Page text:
I wanted to share an email from a dad who is interested in his son getting an athletic scholarship.
Goucher College in Maryland is looking for my son to play soccer, but it is expensive. Here is my question: How should I approach the college about an athletic scholarship?
The Scoop on Athletic Scholarships
There is no need to approach Goucher College or any other Division III about athletic scholarships. Division III schools, which are primarily private colleges and universities, do not give out athletic scholarships. That, however, should not be a deal breaker.
These schools routinely offer merit scholarships to their students and/or need-based financial aid. Being an athlete can make a student more attractive to a Division III school. These schools care deeply about their teams and are eager to attract good players.
What many parents don’t understand is that in the vast majority of cases, merit scholarships are bigger than athletic scholarships. If your child earns a merit scholarship he enjoys a financial advantage because whether or not he plays soccer, basketball, lacrosse or any other sport, he will still keep his merit scholarship (some schools have a requirement that a scholarship recipient must maintain a certain GPA such as a 3.0).
In contrast, if your son gets an athletic scholarship from a Division I or II school, he could lose it if the coach no longer finds him valuable to the team. There are no four-year sports scholarships.
Merit vs. Athletic Scholarships
The average merit scholarship (non-need based aid) at Goucher College is $13,867, which is bigger than the average NCCA athletic scholarship of $11,000. You can check these merit aid statistics yourself by looking at an institution’s profile on the College Board. Most parents should not just focus on merit aid because the more expensive the school is, the more likely the student would qualify for need-based aid.
What families also don’t realize is how difficult it is to secure any kind of athletic scholarship whether it’s football, basketball, swimming, lacrosse or all the other sports. Roughly 2% of high school athletes capture an athletic scholarship.
And what about the odds for a soccer scholarships?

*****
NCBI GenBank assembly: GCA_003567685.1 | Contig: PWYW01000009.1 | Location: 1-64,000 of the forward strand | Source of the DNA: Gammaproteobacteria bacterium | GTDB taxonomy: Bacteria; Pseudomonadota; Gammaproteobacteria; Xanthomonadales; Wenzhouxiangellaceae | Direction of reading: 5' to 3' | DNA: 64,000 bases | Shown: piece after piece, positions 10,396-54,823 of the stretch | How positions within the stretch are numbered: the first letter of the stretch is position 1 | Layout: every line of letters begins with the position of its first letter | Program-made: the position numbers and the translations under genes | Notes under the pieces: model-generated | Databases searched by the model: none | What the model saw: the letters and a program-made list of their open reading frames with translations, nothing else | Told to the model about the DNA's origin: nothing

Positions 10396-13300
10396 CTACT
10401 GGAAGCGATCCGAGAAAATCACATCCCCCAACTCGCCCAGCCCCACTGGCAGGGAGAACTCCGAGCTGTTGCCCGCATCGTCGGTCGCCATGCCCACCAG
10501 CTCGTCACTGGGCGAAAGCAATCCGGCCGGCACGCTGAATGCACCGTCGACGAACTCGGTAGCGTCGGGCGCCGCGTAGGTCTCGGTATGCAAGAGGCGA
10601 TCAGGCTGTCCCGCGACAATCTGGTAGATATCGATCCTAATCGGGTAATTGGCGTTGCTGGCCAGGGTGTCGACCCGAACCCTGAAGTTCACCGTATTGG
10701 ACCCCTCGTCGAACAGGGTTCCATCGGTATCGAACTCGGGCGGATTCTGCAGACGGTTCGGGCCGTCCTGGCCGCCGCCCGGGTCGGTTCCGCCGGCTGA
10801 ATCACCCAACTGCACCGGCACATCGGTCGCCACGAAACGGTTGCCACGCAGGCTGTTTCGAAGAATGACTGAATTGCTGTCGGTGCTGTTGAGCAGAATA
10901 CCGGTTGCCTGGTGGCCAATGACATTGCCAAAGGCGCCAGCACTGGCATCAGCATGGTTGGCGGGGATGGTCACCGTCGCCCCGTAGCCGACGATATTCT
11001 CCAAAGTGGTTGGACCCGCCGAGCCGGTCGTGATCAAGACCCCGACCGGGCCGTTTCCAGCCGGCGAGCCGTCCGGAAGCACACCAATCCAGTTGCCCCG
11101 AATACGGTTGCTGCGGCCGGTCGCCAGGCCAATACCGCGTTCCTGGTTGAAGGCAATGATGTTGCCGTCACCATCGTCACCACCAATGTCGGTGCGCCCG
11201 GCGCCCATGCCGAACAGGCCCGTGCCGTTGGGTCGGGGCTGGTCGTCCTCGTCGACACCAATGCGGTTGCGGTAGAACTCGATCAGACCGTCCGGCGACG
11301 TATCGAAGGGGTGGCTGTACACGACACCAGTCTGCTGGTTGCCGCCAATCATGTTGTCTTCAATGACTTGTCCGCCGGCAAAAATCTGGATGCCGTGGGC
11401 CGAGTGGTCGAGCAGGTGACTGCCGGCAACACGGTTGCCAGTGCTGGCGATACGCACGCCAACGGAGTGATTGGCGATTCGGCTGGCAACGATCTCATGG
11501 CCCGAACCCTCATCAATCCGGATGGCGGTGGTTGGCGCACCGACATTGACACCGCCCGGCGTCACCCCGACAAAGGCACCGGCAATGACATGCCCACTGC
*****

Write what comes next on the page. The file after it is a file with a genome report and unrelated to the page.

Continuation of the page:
It’s grim. According to the most recent figures that I can find, about 330,000 boys compete in high school soccer, but there were just 2,357 soccer scholarships available. These scholarships were split among 6,047 students. The average award was just $8,533.
Families often end up shopping for athletic scholarships rather than for schools that represent a good academic fit.
If you are a gifted athlete or the parent of one, I’d recommend that you first identify schools that would be a match academically and then inquire about the sports. Getting a college education is infinitely more important than playing a sports. And remember, the money you receive for academic accomplishments is usually more than a sports scholarship.
Great points. It is often difficult for the high school athlete to accept that they should look first for a good fit academically before a fit on a college sports program. I had friend who insisted on going to a private division III school because they wanted him to walk on to the basketball team. However, the school didn’t even offer the academic program that he wanted to major in (engineering) but he was set on playing basketball in college. Unfortunately, he graduated with a lot of debt and a degree that he didn’t end up using in his field. He had a great time playing college basketball but now regrets his choice.
This is very true. My child was offered a merit scholarship to swim at a DIII school which was much higher than the merit + athletic scholarship offered at a DI school. Our out of pocket is much lower at the DIII even though the tuition+ at the DI is $10k lower than the DIII.
Unless your kid has the grades, the merit scholarship offers are not going to come from the schools higher in the rankings and popularity. Both of the colleges in the above example are not well-known and none of the higher ranked schools made any offers at all to my kid, who is a varsity state and sectional qualifier.